Africa: Here and Now for Business Expansion and Hiring

map of Africa with pins on South Africa and Zambia

Africa’s rapidly growing population, burgeoning economy, maturing infrastructure and increasingly favorable investment policies are making the continent light up on the world stage for savvy multinational companies (MNCs), investors and entrepreneurs.

headshot of Ashwin Tirvassen

We recently caught up with Ashwin Tirvassen, our Associate Director of Client Solutions in Africa, to learn more about why the ‘Mother Continent’ is attracting international businesses in droves for expanding operations, tapping into new consumer markets and engaging up-and-coming talent.

How would you describe Africa as an emerging market?

Twenty years ago, Africa was considered the future. But Africa is here and now – a land of opportunities with a wealth of resources and valuable talent.

Africa’s size – larger than China, the US, Europe and India combined – is difficult to comprehend. The continent spans over 30 million sq. kilometers (11.73 million sq. miles) and 54 countries. More than 1.3 billion people speak over 1,500 languages. The continent is also quite young, with a median age of 20.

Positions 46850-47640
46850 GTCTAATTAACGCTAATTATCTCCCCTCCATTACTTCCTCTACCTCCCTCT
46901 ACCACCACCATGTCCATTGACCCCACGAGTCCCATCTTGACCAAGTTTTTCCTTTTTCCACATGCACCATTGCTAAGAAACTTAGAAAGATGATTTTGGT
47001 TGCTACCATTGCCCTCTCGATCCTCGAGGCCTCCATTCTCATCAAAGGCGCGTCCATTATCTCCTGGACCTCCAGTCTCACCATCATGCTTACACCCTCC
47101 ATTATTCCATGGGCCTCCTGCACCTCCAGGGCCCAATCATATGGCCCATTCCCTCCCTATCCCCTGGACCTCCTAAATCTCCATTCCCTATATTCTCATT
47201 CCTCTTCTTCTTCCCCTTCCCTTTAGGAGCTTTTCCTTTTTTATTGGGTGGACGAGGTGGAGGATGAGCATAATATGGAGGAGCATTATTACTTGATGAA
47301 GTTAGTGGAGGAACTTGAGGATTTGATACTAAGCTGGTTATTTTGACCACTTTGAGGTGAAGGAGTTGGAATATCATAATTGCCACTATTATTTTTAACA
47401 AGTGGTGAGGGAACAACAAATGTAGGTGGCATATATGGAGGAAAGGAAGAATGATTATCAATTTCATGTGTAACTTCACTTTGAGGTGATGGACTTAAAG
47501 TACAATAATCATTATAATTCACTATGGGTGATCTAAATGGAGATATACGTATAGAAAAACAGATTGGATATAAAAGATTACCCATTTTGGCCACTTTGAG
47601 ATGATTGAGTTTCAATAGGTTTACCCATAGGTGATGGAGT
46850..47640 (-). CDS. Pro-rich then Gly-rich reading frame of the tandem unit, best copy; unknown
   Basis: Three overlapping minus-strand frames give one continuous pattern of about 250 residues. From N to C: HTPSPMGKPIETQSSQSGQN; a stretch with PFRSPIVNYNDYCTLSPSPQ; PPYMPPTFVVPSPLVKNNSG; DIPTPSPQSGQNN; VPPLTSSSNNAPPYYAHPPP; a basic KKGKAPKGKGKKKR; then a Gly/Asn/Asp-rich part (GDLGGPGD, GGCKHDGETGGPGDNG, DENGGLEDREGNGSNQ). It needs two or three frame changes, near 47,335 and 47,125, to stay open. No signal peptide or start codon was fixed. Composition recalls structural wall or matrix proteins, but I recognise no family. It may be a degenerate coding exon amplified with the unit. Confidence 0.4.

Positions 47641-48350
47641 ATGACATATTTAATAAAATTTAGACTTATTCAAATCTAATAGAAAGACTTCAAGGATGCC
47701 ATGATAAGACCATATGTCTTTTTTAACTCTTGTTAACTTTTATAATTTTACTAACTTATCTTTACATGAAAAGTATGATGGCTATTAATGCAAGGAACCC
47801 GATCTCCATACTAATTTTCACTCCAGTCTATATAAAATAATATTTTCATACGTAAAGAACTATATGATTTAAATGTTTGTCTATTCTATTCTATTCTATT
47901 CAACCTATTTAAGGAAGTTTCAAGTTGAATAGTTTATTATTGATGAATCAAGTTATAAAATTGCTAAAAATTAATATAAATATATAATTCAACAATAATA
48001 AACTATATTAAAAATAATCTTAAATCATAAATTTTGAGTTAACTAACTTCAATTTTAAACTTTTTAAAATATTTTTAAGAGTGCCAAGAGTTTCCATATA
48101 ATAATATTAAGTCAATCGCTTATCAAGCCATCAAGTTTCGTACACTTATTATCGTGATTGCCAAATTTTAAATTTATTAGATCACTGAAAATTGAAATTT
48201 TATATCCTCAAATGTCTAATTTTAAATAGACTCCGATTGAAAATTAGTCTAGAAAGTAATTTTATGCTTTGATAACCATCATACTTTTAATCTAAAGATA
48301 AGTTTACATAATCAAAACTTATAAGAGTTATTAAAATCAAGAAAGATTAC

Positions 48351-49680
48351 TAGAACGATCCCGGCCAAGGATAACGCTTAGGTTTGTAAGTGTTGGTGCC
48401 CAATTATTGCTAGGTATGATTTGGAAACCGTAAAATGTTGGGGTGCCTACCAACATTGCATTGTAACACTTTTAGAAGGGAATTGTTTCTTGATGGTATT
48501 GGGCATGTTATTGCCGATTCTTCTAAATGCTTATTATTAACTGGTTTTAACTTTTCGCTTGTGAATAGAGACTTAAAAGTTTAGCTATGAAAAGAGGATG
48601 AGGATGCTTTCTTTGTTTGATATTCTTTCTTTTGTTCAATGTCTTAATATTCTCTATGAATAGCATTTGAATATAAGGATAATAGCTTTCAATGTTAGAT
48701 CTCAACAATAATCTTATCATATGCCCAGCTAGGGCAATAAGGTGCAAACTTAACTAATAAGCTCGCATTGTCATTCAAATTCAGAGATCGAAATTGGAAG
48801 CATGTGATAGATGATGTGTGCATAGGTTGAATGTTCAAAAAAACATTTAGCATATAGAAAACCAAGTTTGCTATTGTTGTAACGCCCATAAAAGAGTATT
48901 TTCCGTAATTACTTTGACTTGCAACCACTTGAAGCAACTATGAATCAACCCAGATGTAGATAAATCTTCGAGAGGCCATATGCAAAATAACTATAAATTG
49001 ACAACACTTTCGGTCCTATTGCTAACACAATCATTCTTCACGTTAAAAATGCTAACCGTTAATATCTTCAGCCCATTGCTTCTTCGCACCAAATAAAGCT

On the flipside, how would you say is Africa perceived by the international business community?

Most businesspeople underestimate Africa’s size and potential as a market. They also tend to overestimate the continent’s challenges.

When participants at events like the World Economic Forum are asked to guess how many companies in Africa earn annual revenues of $1 billion or more, many guess around the 50-mark.

In reality, there are more than 400 such companies operating on the continent currently. They are, on average, both faster growing and more profitable than their global peers.

Why should organizations consider Africa for global expansion plans?

Africa is largely underdeveloped and therefore faces big challenges, like healthcare, urbanization and infrastructure. But, whenever there are challenges, there is a need for solutions.

For example, much of Africa’s population lives in remote, rural areas and are disconnected from modern technology. However, the recent expansion of mobile networks and internet access is gradually making it possible for technology companies to reach more customers – even those in the most remote areas of the continent.

Can you name another example of an untapped industry?